Who makes the best garden tillers ?

Hello,
I'm in the market for a new garden tiller. Something with a 5-8 horsepower engine, rear tine, and no more than $600 or so..... I want this one to be the last I'll ever buy.
Who makes the most dependable ? Availability of replacement parts is important also.
Opinions anybody ?
Thanks,
John
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For what kind of projects, and how often?
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Well, it has to bust sod. But really my gardens are usually 20'x20' and up to 30'x30'. Just an ordinary vegetable garden. Any body know anything about blue BCS machines ? They used to call them the best tillers on earth.
JoeSpareBedroom wrote:

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Although some will disagree, you really only need a tiller to make a new garden, as you're doing. Afterward, you're supposed to designate growing areas and "walking & kneeling areas". Never walk on the growing areas. Therefore, you never need the tiller again. At the very least, get a price quote from one or more landscapers for doing the initial sodbusting. It might be cheaper than a tiller.

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wrote:

Below is what I found at www.consumerreports.org
March 2005      printable version      Mini-tillers: More power, less effort
    Person using Honda Harmony mini-tiller.
GROUND CONTROL More digging power at lower speeds helps four-stroke tillers like Hondas Harmony ease handling. Mini-tillers arent just for ardent gardeners. The best of these machines can handle more pedestrian chores such as tearing away crabgrass and whisking away weeds far more quickly and easily than a spade or hoe.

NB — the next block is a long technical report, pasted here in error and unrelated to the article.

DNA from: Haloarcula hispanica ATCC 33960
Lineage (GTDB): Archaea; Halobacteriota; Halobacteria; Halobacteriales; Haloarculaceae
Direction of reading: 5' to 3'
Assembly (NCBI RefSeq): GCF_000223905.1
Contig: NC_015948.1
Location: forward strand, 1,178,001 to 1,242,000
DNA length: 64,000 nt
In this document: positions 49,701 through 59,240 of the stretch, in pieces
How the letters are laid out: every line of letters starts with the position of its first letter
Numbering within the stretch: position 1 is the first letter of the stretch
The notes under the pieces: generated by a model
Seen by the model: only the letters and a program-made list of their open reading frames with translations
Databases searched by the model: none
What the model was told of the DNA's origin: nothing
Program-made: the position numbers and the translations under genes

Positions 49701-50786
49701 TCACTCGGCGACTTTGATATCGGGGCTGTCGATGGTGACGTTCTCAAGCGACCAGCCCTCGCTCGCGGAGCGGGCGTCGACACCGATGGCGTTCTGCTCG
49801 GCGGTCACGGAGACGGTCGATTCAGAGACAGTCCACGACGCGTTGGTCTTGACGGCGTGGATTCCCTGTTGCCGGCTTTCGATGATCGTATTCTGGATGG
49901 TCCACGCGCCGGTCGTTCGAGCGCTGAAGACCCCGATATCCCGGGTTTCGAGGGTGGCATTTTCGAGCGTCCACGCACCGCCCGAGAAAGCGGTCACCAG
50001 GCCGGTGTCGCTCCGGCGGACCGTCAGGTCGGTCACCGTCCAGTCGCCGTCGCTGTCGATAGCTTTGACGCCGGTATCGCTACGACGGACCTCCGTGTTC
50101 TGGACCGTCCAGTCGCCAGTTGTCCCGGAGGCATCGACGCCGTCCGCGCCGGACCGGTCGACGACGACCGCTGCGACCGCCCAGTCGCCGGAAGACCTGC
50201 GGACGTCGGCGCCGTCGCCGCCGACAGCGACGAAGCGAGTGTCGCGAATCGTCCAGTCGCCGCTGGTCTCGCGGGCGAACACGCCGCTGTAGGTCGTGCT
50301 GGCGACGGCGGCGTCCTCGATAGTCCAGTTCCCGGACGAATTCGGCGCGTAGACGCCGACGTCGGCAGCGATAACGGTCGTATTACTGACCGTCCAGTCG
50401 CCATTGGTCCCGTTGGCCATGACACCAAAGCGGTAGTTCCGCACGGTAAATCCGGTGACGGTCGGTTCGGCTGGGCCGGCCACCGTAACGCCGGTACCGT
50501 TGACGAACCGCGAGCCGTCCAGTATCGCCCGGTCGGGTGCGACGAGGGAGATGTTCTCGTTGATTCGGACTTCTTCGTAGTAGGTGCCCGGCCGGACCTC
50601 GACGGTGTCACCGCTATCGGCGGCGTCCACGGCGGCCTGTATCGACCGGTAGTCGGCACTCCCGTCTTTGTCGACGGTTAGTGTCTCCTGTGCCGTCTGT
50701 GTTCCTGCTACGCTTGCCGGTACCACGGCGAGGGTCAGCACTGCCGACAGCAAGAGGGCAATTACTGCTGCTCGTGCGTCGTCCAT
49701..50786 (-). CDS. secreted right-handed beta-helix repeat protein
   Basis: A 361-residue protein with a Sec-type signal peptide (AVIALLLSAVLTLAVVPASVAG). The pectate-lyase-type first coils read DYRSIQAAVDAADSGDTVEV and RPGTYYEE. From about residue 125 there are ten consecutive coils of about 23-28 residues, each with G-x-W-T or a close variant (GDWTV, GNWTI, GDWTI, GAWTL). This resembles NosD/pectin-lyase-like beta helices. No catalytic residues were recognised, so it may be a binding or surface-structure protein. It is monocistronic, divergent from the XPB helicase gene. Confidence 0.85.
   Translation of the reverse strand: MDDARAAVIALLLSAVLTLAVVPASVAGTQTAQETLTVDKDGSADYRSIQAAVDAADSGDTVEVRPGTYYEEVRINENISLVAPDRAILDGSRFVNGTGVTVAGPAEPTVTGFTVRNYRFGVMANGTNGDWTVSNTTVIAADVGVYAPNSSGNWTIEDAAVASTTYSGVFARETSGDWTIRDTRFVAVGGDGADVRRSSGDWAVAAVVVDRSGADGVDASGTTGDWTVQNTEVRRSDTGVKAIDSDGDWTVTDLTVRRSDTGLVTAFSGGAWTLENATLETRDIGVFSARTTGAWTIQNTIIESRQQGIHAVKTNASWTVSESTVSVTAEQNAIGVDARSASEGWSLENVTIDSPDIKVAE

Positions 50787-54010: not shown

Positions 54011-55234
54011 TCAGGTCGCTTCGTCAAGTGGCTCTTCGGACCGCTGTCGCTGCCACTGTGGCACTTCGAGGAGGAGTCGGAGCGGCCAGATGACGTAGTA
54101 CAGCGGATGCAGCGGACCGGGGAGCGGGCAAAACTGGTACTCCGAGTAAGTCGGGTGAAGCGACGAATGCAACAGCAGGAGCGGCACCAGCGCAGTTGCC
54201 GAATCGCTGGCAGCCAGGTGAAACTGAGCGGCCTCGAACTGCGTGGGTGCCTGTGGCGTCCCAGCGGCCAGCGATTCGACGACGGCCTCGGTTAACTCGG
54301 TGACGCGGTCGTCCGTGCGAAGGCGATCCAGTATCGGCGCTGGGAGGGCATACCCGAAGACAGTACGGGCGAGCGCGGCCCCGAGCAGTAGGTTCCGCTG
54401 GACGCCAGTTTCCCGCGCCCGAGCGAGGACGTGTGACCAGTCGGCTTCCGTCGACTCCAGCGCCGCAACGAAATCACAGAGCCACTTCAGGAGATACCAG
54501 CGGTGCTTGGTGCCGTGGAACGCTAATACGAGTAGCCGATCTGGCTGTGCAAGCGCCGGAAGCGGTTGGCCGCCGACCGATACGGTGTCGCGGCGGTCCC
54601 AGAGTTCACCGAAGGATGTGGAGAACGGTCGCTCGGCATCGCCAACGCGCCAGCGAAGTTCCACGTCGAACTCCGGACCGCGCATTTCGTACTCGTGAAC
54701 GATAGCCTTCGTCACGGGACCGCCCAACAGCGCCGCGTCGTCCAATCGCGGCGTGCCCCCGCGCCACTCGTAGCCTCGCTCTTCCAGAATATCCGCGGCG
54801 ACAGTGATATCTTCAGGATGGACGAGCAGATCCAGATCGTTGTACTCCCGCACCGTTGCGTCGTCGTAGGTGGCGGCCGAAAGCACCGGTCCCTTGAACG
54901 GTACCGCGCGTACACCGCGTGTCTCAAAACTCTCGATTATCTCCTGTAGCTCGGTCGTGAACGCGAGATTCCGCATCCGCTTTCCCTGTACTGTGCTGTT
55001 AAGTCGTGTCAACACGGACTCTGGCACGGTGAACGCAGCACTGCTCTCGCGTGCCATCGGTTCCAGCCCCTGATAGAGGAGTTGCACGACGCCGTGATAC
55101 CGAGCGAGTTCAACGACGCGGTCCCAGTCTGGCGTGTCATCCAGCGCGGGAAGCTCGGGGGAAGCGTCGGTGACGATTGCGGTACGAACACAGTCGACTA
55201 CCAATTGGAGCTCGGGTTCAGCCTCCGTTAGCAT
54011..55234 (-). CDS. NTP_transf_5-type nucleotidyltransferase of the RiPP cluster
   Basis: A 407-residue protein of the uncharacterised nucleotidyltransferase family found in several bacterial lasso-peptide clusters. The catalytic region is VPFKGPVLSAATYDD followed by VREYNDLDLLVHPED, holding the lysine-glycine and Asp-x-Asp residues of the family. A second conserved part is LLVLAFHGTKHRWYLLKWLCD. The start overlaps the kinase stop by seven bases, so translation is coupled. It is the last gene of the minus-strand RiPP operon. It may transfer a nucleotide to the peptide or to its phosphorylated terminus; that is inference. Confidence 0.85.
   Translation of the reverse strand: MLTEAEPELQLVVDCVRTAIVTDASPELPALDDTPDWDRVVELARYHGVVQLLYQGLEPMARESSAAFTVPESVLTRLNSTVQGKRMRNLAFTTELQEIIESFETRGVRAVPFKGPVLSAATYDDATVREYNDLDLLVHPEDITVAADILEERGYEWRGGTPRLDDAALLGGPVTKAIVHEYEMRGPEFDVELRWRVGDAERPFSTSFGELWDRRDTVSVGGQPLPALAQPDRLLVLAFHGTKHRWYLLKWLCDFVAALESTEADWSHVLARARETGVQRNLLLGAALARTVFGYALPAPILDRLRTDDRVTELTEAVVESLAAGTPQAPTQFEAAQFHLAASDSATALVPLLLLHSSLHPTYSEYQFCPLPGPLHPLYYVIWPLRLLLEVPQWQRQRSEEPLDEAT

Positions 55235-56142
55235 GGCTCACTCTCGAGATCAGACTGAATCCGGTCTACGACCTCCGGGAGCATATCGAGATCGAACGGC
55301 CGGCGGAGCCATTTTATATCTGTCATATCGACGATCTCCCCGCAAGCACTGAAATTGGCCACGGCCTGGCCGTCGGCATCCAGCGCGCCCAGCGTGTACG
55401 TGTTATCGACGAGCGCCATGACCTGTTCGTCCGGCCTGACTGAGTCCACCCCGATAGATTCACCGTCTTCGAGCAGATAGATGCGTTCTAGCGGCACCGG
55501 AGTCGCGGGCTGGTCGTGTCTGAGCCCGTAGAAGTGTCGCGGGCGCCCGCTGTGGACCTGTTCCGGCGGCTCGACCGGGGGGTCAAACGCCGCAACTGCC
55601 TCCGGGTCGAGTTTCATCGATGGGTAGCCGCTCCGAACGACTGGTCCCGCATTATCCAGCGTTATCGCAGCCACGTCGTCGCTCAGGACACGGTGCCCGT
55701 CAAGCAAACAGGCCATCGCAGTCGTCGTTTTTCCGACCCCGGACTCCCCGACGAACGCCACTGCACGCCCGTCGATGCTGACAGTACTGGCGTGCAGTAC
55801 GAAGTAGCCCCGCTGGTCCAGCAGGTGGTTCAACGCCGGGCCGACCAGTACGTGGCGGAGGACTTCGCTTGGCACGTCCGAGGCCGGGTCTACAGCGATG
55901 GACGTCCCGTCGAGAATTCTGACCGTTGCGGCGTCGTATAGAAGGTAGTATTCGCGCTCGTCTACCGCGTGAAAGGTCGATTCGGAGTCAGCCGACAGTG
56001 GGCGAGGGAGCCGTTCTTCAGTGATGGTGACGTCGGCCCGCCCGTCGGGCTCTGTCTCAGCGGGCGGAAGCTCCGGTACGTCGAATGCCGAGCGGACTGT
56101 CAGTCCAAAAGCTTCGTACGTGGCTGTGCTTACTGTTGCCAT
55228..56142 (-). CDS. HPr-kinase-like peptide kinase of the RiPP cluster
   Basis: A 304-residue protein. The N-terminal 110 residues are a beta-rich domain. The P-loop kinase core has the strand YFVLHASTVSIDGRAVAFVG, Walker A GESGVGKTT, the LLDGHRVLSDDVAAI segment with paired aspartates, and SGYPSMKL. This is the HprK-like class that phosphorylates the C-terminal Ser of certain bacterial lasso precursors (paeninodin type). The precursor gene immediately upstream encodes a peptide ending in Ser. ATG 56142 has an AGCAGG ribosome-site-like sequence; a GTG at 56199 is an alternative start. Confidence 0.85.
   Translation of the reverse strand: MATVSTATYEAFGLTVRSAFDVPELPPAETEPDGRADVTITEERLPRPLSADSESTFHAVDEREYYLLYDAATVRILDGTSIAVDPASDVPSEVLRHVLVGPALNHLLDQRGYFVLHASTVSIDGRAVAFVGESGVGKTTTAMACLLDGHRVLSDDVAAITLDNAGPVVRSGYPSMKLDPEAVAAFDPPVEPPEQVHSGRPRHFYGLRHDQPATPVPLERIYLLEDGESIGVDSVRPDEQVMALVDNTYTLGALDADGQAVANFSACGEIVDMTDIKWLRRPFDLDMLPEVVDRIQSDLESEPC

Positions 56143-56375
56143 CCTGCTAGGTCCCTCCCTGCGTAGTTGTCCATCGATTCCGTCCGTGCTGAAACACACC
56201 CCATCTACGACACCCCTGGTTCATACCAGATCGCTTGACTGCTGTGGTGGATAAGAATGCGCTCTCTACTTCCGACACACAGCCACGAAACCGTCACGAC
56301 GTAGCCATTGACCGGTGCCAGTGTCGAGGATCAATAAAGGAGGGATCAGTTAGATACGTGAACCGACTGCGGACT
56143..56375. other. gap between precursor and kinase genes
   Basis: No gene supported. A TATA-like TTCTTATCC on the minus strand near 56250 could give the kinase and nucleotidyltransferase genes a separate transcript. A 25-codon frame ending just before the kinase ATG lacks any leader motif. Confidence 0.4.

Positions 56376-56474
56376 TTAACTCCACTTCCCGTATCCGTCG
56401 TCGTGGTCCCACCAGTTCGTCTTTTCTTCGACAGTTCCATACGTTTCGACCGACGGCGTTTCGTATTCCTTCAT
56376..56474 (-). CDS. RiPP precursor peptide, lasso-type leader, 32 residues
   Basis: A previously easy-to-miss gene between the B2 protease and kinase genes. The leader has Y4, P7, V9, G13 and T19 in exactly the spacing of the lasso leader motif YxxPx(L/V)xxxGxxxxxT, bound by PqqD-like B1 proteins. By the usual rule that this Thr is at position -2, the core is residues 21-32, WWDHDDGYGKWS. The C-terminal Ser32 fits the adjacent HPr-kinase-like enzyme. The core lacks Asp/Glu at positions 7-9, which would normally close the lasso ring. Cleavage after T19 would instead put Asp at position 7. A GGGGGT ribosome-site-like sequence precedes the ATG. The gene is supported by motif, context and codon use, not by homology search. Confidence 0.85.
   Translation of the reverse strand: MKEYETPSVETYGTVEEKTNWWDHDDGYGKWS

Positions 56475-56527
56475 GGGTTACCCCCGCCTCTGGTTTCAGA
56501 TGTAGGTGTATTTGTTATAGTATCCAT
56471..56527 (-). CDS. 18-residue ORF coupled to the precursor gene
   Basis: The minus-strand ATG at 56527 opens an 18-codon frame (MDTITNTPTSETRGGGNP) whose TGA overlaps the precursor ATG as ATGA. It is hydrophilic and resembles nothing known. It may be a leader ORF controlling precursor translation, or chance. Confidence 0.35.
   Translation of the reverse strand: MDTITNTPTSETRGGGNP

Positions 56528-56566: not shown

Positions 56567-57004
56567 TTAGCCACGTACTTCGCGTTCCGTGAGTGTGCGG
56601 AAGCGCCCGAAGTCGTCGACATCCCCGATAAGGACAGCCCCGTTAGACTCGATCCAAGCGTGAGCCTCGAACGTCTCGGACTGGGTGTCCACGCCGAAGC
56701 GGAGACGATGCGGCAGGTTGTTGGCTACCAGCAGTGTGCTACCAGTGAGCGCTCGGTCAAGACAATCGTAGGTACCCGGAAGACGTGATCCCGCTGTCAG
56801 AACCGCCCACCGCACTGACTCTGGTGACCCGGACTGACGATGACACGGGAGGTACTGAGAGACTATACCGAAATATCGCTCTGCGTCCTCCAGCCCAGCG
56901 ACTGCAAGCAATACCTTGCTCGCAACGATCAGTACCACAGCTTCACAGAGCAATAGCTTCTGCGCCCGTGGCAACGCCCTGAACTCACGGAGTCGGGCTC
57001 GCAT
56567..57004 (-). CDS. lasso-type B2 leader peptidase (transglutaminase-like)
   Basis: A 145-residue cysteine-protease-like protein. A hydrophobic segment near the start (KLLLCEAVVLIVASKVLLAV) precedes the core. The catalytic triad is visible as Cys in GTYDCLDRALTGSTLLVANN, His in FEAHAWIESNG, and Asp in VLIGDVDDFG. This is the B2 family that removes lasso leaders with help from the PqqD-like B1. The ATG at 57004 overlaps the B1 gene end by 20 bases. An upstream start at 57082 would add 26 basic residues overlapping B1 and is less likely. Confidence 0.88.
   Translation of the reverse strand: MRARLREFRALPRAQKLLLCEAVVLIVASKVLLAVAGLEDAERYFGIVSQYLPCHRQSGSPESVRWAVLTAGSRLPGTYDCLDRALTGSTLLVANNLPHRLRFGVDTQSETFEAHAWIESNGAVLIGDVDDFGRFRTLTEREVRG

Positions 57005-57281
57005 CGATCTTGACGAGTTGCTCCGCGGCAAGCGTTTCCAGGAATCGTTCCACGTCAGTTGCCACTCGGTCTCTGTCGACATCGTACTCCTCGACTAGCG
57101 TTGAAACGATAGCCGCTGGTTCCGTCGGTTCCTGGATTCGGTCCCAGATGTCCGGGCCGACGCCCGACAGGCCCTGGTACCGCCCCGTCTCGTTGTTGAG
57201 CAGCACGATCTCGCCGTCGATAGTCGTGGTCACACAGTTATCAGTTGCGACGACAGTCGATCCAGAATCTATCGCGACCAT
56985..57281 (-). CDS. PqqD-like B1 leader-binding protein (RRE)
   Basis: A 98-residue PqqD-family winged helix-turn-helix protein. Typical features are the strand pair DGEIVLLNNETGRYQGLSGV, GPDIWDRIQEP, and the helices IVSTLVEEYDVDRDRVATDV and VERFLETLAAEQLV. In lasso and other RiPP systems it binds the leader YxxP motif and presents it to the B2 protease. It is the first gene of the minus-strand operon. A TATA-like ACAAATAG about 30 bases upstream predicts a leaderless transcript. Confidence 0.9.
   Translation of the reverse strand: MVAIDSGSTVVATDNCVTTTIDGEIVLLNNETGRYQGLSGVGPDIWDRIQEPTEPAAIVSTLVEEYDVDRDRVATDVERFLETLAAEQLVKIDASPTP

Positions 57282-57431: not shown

Several new models add faster starts and more digging power, courtesy of a four-stroke engine like the kind on mowers. They also run cleaner, since four-stroke tillers produce fewer exhaust emissions than the two-stroke models theyre replacing--a prime reason why most two-stroke tillers do not meet stricter California emissions standards. Yet at about $300, most of these cleaner machines cost about the same as older, dirtier models.
Youll also find plug-in electric tillers, along with tiller attachments that replace the bottom half of the shaft on some string trimmers. But weeks of testers tilling, sod-busting, and weeding revealed that some of these machines work far better than others. Here are the details:
Some take more strength and care. Spending just $90 for a tiller attachment may seem appealing if you already own a string trimmer that can power it. But the trimmer-powered tillers we tested were slow, heavy, and hard to handle.
Youll find electric tillers tempting if you love push-button starts and hate handling gasoline. But the ones we tested for this report were slower and less powerful than most gas-powered tillers. We also found it all too easy to drag an electric tillers power cord over young shrubs, flowers, and other short, fragile plants.
All gas-powered tillers are noisy. All 12 gasoline-powered tillers and trimmer-driven machines produced a racket at or above the 85 decibels at which we recommend hearing protection. Electric tillers are quiet by comparison; the quietest emitted just 68 decibels at ear level, making it quieter than many vacuum cleaners.
HOW TO CHOOSE
Mini-tillers have grown in sales as lot sizes and gardens have shrunk. But they arent for everyone. Youre likely to prefer renting or even buying a larger tiller for yard projects beyond 300 square feet or for rocky soil. You may also prefer the added control of hand tools for jobs smaller than 100 square feet.
See Types to determine which type meets your needs. Then keep these points in mind as you shop: